“From whence arrived the praying mantis?
From outer space, or lost Atlantis?
glimpse the grin, green metal mug
at masks the pseudo-saintly bug,
Orthopterous, also carnivorous,
And faintly whisper, Lord deliver us.”
~ Ogden Nash
A California Praying Mantis (Stagmomantis Californica)
Despite their odd, alien-like appearance, this hungry insect, thought of as lucky in China, is the gardener’s very best friend. They are about 3 inches long, have a mobile triangular head, ‘bugged out’ compound eyes, and thread-like antennae.
Praying mantises have voracious appetites, and will eat a variety of insects including Japanese beetles, aphids, grasshoppers, fruit flies, house flies, moths and crickets. Luckily we have mantises naturally here in the mountain area, but it’s possible to buy praying mantises and their egg cases just to control insects in the garden.
These slender graceful creatures, seemingly slow and deliberate, are lightning fast when it comes to catching prey and they have even been known to catch and eat hummingbirds, small snakes and mice.
A Nasty Surprise Attack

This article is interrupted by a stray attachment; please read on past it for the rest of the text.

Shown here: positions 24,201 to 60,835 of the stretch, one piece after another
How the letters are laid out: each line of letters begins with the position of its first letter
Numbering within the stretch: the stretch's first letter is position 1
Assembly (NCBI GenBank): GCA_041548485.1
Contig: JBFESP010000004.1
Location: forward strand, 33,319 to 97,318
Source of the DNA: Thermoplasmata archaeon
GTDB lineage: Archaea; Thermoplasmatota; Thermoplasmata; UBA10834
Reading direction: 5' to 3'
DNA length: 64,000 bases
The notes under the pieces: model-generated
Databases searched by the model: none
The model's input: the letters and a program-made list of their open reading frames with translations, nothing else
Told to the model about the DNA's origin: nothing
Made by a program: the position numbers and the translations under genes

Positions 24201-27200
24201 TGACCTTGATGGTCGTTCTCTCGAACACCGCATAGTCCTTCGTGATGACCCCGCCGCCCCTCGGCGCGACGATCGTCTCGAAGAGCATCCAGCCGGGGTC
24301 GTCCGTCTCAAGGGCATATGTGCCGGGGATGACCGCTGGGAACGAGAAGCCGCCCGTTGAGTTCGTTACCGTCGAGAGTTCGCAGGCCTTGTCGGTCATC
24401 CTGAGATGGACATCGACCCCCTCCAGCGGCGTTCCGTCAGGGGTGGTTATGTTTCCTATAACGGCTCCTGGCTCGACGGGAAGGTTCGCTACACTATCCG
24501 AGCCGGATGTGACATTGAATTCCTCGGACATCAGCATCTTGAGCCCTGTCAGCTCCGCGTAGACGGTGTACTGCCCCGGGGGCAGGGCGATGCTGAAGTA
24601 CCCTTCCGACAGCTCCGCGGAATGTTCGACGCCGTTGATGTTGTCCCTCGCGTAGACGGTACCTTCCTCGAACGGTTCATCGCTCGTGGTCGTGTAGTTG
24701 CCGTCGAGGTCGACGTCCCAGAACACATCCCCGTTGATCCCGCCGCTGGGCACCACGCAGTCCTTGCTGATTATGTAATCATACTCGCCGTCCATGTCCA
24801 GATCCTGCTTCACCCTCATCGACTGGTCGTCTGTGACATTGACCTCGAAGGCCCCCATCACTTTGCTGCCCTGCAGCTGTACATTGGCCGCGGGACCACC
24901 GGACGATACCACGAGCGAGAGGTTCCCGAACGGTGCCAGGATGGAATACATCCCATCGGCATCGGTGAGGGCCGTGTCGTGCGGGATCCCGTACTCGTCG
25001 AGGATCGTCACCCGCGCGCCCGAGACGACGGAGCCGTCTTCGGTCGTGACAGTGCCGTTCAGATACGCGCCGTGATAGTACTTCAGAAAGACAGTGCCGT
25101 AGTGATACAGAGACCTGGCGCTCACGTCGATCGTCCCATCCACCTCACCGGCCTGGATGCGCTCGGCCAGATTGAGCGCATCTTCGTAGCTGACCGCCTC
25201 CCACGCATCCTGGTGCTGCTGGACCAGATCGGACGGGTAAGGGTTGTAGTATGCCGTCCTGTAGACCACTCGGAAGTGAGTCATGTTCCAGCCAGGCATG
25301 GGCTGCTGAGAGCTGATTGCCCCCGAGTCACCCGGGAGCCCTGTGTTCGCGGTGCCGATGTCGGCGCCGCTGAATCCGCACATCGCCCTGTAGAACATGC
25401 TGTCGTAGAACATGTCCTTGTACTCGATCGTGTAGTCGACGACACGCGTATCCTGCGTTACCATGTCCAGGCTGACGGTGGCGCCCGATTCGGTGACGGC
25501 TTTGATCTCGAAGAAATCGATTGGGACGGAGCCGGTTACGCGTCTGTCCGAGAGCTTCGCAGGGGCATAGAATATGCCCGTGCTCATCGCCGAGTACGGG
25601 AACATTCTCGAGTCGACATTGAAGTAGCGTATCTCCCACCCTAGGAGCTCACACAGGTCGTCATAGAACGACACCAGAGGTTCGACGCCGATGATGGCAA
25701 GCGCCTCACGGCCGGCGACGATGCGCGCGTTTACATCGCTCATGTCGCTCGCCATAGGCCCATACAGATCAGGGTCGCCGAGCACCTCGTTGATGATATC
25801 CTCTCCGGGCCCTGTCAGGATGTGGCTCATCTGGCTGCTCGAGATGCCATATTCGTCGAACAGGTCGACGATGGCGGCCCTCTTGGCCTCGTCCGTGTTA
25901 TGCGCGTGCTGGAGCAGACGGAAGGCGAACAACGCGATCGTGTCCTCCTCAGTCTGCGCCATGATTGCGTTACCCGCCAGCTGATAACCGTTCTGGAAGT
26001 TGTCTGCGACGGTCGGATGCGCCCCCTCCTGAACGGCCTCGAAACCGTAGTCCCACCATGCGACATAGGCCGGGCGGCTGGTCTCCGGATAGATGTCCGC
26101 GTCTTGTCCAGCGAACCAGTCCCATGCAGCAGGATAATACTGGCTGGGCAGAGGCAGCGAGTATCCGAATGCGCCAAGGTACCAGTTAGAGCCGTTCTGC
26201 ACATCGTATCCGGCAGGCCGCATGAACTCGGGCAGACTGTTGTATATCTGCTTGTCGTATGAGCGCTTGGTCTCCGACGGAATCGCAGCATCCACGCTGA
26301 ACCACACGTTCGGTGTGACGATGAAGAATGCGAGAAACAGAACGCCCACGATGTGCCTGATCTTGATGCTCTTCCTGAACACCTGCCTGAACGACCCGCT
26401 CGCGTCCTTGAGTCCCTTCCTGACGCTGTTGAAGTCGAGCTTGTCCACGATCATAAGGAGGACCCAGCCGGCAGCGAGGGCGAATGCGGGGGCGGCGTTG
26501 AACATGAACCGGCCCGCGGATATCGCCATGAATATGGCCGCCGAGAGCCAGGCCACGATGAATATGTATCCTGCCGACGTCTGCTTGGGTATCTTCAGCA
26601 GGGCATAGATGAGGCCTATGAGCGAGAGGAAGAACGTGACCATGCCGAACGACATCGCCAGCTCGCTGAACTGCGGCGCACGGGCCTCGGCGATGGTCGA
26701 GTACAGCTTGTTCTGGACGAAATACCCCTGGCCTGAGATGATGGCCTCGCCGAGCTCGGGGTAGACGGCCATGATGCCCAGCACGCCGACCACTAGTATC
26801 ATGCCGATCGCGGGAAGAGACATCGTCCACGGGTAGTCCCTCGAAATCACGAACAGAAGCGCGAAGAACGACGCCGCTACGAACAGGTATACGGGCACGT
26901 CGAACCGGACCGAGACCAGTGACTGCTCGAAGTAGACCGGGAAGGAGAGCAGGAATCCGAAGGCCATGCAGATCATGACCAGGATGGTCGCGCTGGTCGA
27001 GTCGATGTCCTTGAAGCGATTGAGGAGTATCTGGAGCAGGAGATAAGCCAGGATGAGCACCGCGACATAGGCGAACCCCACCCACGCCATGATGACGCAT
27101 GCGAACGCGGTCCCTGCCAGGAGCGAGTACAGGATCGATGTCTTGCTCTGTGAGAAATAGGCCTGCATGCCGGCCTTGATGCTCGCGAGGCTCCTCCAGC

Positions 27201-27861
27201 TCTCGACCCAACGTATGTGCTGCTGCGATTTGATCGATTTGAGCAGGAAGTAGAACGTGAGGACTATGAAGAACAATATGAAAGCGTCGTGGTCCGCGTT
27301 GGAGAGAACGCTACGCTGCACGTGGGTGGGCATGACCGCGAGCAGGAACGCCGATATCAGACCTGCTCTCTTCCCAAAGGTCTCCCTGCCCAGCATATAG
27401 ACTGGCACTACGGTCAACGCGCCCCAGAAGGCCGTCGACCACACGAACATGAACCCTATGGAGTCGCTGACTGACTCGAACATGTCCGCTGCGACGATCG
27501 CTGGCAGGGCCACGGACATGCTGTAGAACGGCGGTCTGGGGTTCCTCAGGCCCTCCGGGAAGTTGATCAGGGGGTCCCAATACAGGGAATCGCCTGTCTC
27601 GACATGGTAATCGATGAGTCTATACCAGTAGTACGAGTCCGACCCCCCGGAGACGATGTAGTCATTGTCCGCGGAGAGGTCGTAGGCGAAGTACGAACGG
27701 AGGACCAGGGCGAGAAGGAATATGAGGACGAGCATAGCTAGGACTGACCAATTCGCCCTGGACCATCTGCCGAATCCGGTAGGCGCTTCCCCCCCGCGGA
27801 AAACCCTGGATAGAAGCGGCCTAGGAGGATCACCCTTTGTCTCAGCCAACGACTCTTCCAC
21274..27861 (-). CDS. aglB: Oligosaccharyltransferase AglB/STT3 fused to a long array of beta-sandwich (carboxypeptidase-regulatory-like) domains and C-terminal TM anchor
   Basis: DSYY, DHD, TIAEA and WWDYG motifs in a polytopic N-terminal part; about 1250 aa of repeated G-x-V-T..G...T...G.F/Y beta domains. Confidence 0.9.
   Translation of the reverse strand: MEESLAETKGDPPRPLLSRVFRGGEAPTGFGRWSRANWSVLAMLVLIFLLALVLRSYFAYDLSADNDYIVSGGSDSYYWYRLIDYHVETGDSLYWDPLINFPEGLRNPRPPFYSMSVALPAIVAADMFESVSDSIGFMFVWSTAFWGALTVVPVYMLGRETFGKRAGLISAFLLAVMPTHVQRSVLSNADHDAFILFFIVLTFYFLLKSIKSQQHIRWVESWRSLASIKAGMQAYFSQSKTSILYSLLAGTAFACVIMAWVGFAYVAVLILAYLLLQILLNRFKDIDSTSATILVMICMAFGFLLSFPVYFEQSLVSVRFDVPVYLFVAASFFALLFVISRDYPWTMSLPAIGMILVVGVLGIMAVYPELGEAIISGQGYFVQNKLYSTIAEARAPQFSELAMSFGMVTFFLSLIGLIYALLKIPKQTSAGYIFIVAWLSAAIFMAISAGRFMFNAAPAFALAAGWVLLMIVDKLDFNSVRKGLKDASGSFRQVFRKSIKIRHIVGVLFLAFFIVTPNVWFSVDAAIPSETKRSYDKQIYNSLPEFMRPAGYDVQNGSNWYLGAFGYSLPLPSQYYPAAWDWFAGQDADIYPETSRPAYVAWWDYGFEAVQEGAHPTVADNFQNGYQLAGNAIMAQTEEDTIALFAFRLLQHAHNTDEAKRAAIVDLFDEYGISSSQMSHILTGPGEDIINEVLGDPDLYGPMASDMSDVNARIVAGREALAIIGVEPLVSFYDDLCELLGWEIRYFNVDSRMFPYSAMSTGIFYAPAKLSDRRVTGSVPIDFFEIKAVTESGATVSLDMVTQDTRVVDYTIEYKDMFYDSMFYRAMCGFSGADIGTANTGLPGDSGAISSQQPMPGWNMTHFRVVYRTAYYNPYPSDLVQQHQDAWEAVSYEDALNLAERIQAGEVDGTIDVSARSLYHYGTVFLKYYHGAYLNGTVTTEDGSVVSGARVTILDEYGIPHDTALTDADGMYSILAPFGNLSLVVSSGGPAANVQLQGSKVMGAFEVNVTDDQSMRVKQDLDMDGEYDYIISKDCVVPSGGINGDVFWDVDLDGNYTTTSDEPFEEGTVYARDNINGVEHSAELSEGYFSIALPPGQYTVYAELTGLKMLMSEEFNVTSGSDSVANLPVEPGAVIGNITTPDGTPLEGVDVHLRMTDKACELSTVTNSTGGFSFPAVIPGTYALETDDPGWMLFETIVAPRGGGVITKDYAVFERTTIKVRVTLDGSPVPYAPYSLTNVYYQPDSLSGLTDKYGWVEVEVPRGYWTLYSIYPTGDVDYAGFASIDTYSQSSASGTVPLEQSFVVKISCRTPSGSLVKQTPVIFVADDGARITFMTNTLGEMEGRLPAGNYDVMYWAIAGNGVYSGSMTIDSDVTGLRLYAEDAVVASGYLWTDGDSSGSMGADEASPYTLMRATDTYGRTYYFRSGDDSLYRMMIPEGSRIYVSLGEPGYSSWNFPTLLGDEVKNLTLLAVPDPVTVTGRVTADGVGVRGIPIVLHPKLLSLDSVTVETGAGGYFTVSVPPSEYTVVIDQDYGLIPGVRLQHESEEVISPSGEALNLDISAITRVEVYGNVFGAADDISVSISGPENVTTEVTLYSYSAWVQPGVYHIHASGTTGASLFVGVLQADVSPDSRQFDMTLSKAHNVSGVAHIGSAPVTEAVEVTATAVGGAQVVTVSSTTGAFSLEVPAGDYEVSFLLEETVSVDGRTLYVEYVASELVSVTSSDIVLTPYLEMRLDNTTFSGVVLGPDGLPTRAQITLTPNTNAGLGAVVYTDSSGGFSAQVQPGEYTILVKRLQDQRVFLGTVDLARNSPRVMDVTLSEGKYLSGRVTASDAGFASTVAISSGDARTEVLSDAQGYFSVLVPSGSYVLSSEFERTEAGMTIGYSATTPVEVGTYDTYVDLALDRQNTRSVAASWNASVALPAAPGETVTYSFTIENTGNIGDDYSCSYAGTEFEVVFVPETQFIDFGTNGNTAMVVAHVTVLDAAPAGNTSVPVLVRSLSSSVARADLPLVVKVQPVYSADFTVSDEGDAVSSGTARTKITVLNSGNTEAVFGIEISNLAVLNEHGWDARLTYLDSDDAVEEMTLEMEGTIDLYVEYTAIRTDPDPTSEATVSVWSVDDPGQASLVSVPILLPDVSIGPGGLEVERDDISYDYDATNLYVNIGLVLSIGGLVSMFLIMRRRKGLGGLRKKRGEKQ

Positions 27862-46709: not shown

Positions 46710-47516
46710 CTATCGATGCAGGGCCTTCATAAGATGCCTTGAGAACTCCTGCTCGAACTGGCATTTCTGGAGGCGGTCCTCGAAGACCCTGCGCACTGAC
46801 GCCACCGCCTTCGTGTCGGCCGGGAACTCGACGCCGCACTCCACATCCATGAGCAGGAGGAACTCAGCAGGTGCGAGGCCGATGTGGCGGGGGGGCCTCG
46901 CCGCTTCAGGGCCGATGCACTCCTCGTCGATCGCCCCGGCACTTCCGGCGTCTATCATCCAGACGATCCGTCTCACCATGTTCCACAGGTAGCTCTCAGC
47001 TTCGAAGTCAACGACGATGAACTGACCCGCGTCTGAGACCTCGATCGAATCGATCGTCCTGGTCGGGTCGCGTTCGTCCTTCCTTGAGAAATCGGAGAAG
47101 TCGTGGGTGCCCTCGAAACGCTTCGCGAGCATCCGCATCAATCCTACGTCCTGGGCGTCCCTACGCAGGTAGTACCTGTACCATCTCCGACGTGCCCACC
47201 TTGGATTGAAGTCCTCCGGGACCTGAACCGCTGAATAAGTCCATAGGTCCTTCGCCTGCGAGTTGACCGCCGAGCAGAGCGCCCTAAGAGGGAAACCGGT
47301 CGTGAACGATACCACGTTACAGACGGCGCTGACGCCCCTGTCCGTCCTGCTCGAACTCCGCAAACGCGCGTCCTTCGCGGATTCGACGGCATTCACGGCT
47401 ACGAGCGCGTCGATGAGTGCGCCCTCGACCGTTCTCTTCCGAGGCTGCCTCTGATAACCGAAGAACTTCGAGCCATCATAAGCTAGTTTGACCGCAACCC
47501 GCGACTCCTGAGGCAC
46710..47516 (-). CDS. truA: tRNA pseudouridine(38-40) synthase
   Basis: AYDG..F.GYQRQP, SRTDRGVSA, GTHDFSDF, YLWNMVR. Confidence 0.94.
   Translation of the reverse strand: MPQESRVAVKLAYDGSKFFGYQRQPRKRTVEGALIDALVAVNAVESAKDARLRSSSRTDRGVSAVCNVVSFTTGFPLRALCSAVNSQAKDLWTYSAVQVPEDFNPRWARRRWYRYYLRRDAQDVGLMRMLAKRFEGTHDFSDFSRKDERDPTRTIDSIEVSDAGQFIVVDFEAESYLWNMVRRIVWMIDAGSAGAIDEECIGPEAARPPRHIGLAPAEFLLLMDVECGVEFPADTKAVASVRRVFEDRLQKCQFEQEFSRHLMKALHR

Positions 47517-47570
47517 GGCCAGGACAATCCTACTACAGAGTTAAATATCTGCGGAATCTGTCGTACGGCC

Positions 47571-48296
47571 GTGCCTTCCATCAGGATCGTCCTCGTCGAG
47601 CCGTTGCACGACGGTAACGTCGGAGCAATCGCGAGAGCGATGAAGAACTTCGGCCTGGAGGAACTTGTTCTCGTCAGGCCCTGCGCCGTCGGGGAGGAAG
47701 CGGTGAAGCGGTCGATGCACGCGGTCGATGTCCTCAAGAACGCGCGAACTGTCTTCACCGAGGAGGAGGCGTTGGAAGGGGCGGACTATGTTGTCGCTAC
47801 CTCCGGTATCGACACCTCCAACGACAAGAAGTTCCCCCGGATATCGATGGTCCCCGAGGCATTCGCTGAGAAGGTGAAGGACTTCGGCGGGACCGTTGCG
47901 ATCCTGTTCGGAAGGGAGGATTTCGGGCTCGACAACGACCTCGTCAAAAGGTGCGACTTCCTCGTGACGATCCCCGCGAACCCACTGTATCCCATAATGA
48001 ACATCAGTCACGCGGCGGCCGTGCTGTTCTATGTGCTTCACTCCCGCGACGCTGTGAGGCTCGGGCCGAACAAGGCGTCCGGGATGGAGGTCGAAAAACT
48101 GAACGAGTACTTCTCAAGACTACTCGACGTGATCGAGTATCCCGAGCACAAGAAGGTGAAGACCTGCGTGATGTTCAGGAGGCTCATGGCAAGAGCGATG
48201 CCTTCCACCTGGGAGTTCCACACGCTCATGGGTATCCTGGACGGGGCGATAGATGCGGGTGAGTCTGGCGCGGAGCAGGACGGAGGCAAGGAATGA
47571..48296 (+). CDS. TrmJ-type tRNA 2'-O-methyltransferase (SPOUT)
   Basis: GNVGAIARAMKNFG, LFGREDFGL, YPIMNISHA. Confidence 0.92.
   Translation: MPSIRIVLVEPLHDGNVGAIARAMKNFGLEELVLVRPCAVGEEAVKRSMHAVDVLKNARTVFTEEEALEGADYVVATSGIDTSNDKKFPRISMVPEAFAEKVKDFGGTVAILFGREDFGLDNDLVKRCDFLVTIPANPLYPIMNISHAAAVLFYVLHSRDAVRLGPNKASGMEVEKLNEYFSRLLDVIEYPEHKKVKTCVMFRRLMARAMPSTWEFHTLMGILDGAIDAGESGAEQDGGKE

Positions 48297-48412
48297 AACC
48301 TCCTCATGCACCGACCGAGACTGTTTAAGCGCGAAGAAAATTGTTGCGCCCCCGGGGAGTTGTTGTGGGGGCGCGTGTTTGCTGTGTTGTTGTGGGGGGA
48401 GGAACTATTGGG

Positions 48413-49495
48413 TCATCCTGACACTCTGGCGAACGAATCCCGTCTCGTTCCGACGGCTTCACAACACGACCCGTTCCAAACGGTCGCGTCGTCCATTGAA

“The female praying mantis turns to the male and says, ” after sex but before I kill you, I’ll need help with some shelves….”
It is true that the females sometimes bite the head off the one they love, but that’s not always the case. Scientists study the fact that some males survive the mating process and puzzle over why the female behaves this way. Mostly these guys eat garden bugs which is great for you!
Female praying mantises mate in late summer and lay eggs in foamy masses on a plant stem. From each egg case, called an ootheca, 50-200 young mantis nymphs will hatch in the spring. Born hungry, they they know how to catch prey from the start and might even eat a few siblings before starting out in the garden. Oops!
For a short time after each molt they’re milky white. They soon darken to green or brown depending on their background. The mantis in the photo was found in August, resting on a holly bush. Is it male or female? Wings of male extend beyond tip of abdomen; wings of female reach only to middle of abdomen.
It’s a treat to spot a praying mantis in your garden and next time, know that it’s working for you! Just be sure to protect your hummingbirds and watch out for any oothecas you might see on your winter walks!